BERLIN, Aug. 19 (Xinhua) -- The German economy was expected to grow 3 percent this year due to "favorable" conditions at home and abroad and a strong rebound in the second quarter, its central bank said Thursday.
The Bundesbank said in a monthly report that Germany's "economic upward movement should continue in the second half of 2010" and its real GDP (gross domestic product) would jump around 3 percent, well above the bank's previous forecast of 1.9 percent.
The central bank said Germany had made up more than half its production decline since the outbreak of the international financial crisis.
"Increasing signs are showing that Germany's economic recovery is increasingly self-supporting," the report said. "The fundamental economic situation in Germany is very favorable at the moment."
Figures showed that German exports surged 3.8 percent in June from May, raising the country's trade surplus to the highest level since October 2008. On a year-on-year level, the strong exports climbed 28.5 percent and imports also surged 31.7 percent in June.
The sharp upswing of exports boosted Germany's economic growth to 2.2 percent in the second quarter, the largest recorded for a reunified Germany since 1991.
The surge also powered the 16-nation eurozone to an unexpected growth rate of 1 percent from April to June.
Hit by the global economic crisis, the German economy, Europe's largest, contracted 4.7 percent last year, marking its worst recession since World War II. After an unusually hard and long winter, Germany's pace of recovery began to accelerate in March.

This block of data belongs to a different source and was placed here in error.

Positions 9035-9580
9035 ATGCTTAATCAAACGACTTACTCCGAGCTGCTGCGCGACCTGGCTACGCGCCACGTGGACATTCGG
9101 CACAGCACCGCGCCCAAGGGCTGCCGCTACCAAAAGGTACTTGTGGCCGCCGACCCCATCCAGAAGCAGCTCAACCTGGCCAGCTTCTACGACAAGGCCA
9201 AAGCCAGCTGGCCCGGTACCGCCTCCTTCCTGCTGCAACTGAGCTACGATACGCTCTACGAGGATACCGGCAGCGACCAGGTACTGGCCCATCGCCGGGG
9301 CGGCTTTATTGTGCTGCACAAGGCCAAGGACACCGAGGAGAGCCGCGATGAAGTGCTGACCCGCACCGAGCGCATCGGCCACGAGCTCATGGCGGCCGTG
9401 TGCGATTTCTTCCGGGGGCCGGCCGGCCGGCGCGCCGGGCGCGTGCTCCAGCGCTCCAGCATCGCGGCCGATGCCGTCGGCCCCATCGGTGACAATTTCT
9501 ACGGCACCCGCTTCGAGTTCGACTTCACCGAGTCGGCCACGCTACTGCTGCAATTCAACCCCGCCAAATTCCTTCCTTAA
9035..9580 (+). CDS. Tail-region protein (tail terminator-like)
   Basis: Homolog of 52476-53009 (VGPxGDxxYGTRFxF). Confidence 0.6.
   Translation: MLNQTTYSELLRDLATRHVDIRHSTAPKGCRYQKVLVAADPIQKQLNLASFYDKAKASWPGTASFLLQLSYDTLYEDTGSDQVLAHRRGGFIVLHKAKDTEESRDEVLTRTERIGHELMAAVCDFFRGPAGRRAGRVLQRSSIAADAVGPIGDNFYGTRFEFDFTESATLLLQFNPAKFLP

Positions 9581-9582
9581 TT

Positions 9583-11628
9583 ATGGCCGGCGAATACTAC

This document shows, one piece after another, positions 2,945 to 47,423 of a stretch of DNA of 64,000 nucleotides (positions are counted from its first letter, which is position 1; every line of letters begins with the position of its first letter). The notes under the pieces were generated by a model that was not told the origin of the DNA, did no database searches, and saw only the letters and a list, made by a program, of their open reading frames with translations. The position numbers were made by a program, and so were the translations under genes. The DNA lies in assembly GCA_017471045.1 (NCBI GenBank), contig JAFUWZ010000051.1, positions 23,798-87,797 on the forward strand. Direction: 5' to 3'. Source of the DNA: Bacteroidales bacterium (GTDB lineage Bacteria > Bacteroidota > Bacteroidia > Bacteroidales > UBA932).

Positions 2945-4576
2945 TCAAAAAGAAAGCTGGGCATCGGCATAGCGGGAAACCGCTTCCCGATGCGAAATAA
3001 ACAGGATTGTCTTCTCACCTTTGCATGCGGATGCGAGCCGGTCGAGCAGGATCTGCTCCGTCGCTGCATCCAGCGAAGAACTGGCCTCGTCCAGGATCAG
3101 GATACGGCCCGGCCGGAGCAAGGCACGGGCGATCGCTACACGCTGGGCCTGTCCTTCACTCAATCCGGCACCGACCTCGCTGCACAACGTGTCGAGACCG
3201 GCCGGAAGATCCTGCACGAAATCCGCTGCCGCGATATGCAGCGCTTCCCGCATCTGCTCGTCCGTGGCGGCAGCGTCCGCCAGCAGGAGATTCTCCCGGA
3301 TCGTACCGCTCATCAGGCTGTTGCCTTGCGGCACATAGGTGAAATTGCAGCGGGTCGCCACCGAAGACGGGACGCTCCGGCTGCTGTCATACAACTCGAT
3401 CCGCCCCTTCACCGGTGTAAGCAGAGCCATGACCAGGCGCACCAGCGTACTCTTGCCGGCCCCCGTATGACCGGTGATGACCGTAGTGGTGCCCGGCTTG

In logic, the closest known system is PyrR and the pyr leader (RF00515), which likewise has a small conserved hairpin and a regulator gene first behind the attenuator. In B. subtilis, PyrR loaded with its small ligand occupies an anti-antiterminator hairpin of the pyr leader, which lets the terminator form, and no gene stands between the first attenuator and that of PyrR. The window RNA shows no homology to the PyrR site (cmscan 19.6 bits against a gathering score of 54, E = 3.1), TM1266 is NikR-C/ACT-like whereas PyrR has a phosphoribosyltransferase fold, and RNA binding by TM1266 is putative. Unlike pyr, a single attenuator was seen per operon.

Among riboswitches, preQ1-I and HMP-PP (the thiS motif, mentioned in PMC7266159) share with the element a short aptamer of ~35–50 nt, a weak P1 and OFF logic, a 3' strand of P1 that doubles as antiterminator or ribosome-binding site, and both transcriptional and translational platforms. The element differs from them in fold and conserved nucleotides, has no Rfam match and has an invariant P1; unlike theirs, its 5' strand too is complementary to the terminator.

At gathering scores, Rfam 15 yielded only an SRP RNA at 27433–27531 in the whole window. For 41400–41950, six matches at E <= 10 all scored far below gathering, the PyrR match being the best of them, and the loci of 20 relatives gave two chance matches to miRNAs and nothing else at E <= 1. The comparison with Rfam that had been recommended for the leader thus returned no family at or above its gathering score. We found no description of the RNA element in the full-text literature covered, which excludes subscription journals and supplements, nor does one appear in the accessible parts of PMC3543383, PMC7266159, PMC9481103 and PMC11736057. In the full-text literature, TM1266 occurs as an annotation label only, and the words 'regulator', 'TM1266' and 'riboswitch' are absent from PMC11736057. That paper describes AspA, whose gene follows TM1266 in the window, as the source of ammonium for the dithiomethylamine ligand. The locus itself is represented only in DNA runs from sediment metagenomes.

The German government officially predicted in April that the overall economy would grow 1.4 percent this year. Some officials said they might adjust the forecast in October.
German Economy Minister Rainer Bruederle said after the release of second-quarter economic data last week that he believed the growth would be "well above 2 percent" this year.
The Bundesbank also noted "the growth pace will normalize after the extraordinarily dynamic spring," as signs for a slowdown of global production activity and trade "still exits".
Although export growth might slow, the bank believed that Germany's investment and consumer spending would rise due to the fast-paced recovery of the domestic economy and labor market.
Recent data showed hikes in factory orders, industrial production and consumer confidence, while global markets, especially those in Asia, had increased their demand for German goods and services.
Meanwhile, experts estimated that Germany's inflation would remain tame this year. Although Germany's consumer price index (CPI) rose 1.2 percent in July and 0.9 percent in June year on year, it is still far below 2 percent, a threshold for changing monetary policy by the European Central Bank (ECB). ' However, official figures released earlier Thursday showed producer price inflation, an indicator of future inflation trends, jumped 3.7 percent in July from the corresponding month of 2009, as oil and energy prices increased strongly.
The Bundesbank stressed the government should stick to its commitment to reining in its budget deficit, even with the economy exceeding expectations.
The German government pledged to cut 80 billion euros (103 billion U.S. dollars) from its budget over the next four years, the country's largest saving projects since World War II.
Germany also planned to slash its deficit to 4.5 percent of GDP this year and below 2 percent of GDP in 2013, raising some countries' fears, notably the United States, of dragging down the global economic recovery.